News In Brief
THE USSkip to next paragraph
Subscribe Today to the Monitor
The Supreme Court ruled the government can be held liable for a 1989 rule change that plunged savings-and-loans into financial trouble. The court also left intact a ruling that threatens all affirmative-action programs at state-run colleges in three southern states.
President Clinton defended Defense Secretary William Perry after Senate Intelligence Committee chairman Arlen Specter of Pennsylvania publicly questioned whether Perry was suitable for the post. He raised the question in the wake of the terrorist attack in Saudi Arabia that killed 19 Americans. Meanwhile, White House aide George Stephanopoulos accused Republicans of a "smear campaign" in connection with a new book of sensational allegations by Gary Aldrich. The former FBI agent wrote "Unlimited Access, an FBI Agent Inside the Clinton White House," after processing background checks at the White House for five years. He admitted some of his information came from second- and third-hand sources, some of whom have publicly disputed his account.
Medicare beneficiaries are paying more for outpatient services at hospitals, and the bills are expected to go up, The New York Times reported. In recent years, hospitals have been charging more than what Medicare considers reasonable. Beneficiaries make up the difference, sometimes paying 49 percent of outpatient costs, Health and Human Services Secretary Donna Shalala said. That cost could rise to 68 percent by the year 2000.
Economic reports were mixed as the Federal Reserve meets today and tomorrow to consider a change in interest rates. Consumer spending rose 0.8 percent in May, the steepest advance in three months. And manufacturing activity rose to 54.3 percent - the highest since February 1995. But construction spending declined 0.9 percent in May, the first drop in three months.
Federal authorities found bottles stuffed with paper and pews covered with gasoline at a black church in Maysville, N.C., that went up in flames. Investigators also determined arson as the cause of a fire that severely damaged a mostly white Catholic church in Bonner Springs, Kan.
Nearly 3 of every 100 American adults were in prison or on probation or parole in 1995, according to the Justice Department. At year's end, 3 million people were on probation, up 4 percent from a year earlier; 700,000 were on parole, up 1 percent; and nearly 1.6 million were inmates, up 6 percent. Since 1980, the number of Americans under correctional supervision has almost tripled to 5.36 million, according to a Bureau of Justice Statistics study.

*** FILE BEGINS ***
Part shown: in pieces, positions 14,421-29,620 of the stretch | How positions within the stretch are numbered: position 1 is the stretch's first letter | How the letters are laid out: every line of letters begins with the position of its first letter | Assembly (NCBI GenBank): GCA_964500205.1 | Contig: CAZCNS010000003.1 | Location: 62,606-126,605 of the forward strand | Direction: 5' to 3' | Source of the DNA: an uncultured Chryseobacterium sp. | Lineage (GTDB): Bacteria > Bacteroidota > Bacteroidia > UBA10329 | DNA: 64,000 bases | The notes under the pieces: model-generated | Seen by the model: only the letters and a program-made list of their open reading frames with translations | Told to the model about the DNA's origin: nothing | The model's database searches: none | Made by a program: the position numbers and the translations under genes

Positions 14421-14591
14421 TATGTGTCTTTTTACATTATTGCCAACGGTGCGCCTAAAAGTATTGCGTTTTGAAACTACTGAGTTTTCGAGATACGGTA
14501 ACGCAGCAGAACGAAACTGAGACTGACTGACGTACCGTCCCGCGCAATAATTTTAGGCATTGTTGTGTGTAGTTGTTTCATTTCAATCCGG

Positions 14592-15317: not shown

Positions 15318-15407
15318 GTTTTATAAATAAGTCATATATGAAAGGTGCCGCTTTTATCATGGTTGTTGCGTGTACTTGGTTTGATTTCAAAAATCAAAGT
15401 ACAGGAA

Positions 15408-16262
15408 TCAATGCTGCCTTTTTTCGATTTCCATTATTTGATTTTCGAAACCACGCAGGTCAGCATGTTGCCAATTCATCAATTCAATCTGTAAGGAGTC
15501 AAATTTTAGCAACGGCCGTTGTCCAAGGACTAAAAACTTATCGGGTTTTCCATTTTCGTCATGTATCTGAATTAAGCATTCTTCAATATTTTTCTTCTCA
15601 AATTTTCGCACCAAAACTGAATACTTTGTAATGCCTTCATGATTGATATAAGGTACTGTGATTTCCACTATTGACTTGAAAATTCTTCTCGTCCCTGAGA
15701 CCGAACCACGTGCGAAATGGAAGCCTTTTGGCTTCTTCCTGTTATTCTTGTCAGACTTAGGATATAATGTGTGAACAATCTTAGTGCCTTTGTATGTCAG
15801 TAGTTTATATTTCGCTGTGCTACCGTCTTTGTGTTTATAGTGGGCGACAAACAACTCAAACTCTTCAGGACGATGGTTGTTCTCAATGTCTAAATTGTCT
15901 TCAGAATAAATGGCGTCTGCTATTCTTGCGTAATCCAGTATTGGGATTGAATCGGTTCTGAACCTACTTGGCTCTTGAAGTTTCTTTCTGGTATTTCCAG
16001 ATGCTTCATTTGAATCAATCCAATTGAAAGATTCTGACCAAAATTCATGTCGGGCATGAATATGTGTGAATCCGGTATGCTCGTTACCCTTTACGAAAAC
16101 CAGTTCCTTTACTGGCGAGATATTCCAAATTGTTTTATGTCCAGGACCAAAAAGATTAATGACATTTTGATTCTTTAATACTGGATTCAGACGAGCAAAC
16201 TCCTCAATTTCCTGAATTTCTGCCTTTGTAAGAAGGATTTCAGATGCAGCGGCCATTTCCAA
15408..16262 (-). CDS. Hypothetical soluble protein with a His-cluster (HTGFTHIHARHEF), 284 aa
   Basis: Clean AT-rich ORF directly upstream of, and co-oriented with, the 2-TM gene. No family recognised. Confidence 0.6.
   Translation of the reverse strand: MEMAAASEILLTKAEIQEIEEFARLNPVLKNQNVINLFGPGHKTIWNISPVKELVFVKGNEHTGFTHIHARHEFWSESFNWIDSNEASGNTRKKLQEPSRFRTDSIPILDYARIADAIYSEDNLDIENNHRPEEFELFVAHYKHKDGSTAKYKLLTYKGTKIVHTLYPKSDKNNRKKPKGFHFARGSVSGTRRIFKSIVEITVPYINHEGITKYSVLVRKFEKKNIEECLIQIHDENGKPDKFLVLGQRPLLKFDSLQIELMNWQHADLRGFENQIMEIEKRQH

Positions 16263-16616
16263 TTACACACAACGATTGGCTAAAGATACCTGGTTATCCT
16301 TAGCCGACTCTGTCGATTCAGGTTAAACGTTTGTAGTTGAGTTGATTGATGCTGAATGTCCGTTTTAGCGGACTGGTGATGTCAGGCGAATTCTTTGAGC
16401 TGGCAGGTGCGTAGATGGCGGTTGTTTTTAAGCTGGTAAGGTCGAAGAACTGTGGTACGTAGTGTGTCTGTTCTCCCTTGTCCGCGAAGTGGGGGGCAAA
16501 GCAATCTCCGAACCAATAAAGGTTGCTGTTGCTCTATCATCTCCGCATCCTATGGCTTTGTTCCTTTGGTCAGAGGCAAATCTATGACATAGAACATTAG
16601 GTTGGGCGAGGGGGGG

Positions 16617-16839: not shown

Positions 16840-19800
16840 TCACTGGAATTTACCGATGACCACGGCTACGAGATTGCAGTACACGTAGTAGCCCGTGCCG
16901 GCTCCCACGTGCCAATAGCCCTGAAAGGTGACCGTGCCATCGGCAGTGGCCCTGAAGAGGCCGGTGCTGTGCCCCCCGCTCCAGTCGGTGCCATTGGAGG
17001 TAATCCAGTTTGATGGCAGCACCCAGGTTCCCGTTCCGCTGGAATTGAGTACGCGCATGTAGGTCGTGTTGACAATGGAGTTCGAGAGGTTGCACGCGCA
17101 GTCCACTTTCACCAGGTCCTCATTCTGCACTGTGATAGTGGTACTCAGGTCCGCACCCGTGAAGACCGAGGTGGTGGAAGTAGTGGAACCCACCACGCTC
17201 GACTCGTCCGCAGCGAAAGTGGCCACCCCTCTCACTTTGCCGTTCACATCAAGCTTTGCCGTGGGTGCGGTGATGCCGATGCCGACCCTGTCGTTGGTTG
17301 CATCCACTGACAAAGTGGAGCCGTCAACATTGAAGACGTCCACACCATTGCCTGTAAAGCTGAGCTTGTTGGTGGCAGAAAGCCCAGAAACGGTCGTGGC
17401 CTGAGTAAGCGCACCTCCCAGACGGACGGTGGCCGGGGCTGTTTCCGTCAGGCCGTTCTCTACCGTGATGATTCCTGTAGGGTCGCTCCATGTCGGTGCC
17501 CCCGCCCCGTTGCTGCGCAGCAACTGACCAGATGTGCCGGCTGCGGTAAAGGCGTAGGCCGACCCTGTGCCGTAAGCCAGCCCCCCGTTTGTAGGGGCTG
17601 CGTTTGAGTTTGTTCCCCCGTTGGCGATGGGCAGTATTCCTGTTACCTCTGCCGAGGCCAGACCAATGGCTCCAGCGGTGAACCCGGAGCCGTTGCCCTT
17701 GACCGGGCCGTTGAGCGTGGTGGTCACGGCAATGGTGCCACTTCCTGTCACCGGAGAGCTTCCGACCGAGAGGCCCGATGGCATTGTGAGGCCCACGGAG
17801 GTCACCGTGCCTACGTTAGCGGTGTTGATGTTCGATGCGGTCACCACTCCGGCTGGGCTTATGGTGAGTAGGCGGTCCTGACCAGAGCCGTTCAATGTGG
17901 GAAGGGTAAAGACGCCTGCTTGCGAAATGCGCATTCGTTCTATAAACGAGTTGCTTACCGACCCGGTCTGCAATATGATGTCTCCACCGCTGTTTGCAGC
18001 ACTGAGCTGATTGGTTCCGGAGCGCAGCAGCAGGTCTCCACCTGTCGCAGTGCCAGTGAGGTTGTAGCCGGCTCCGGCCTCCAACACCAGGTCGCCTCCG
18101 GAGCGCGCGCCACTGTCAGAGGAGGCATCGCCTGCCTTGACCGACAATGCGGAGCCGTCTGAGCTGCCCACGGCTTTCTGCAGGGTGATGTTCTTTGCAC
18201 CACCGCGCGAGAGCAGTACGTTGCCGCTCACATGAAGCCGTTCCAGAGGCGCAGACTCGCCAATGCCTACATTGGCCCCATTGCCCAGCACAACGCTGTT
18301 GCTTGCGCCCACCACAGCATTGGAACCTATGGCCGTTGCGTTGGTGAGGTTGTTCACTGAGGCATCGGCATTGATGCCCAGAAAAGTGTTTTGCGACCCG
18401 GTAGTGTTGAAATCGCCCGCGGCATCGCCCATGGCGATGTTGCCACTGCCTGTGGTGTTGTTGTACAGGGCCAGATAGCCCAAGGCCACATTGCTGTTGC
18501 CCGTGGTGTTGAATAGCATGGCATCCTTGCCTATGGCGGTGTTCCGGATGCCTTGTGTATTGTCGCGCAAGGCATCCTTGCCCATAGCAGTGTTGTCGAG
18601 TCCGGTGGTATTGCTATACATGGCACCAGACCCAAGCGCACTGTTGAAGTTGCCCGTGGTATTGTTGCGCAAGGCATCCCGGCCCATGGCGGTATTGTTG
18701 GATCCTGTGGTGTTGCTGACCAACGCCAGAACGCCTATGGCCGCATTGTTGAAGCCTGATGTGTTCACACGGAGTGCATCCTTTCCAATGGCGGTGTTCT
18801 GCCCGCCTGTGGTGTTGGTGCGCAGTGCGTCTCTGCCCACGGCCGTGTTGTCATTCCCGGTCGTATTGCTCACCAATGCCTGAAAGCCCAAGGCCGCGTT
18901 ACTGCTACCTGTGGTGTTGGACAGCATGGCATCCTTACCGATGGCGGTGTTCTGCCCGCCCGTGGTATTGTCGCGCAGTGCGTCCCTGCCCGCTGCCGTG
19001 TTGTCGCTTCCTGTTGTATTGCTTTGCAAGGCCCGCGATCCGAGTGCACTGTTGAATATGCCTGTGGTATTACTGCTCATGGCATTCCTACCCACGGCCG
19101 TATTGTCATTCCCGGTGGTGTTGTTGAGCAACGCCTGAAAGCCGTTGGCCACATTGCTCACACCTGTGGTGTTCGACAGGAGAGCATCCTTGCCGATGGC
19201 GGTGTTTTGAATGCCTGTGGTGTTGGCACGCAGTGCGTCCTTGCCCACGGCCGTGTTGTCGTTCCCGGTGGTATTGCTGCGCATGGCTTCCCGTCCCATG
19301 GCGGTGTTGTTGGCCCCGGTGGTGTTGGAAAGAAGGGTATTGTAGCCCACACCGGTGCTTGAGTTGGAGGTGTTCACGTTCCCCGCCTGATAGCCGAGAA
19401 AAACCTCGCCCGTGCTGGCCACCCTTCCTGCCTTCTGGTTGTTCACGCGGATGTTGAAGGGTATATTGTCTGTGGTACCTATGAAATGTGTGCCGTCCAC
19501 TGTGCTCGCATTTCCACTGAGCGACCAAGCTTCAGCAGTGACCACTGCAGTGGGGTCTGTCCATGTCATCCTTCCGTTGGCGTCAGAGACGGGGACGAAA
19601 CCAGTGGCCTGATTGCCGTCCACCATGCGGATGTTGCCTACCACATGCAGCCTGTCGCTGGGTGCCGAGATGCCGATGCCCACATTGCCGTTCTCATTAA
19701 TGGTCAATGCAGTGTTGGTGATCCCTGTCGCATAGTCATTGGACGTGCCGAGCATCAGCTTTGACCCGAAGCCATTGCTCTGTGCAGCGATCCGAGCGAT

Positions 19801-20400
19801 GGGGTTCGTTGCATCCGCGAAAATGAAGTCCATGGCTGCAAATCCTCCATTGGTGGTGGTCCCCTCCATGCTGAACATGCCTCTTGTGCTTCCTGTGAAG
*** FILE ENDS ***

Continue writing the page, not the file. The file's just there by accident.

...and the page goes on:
Hillary Rodham Clinton arrived in Bucharest, Romania, the first stop on an 11-day, seven-country tour of Central and Eastern Europe. The trip has been billed as a display of US support for emerging democracies.
More than a dozen fires erupted in southern California during record-breaking weekend heat that soared beyond 112 degrees in Los Angeles. Some 30 buildings were destroyed by the fires, and 13,000 acres burned. About 800 residents of Idyllwild left their homes after a 7,600 acre fire burned within two miles of the mountain resort.
California's legislature was to continue negotiating a $63 billion budget. The state entered a new fiscal year without a spending plan after it failed to reach agreement over the weekend. The main hurdle is education spending. Gov. Pete Wilson wants $670 million to reduce class size in grades one through three. Democrats want the reduction in only the first and second grades.
A majority of Americans oppose giving homosexuals a legal right to marry by 57 percent to 30 percent, an Associated Press poll shows. Two-thirds of men oppose gay marriage compared with 49 percent of women. Opposition also falls below 50 percent among adults under age 45.
Vice President Al Gore told 500 entertainment industry professionals at the Variety ShowBiz Expo in Los Angeles they need to produce better children's TV. He bashed the "Mighty Morphin Power Rangers" for its violence and "Barbie's Dream House" for its commercialism.
The international community moved closer to reimposing sanctions on Bosnian Serbs in response to its leaders' political maneuvering. Radovan Karadzic wrote international mediators that he was stepping down as the Bosnian Serb leader and handing his powers over to vice president Biljana Plavsic. Plavsic said Ka- radzic retained the title, but not the power. Deputy international mediator Michael Steiner called for action as rumors circulated that Karadzic's office would confirm he resigned. At a UN War Crimes Tribunal in The Hague, a witness said Bosnian-Serb snipers killed hundreds of civilians in Sarajevo, targeting water and bread lines and killing children.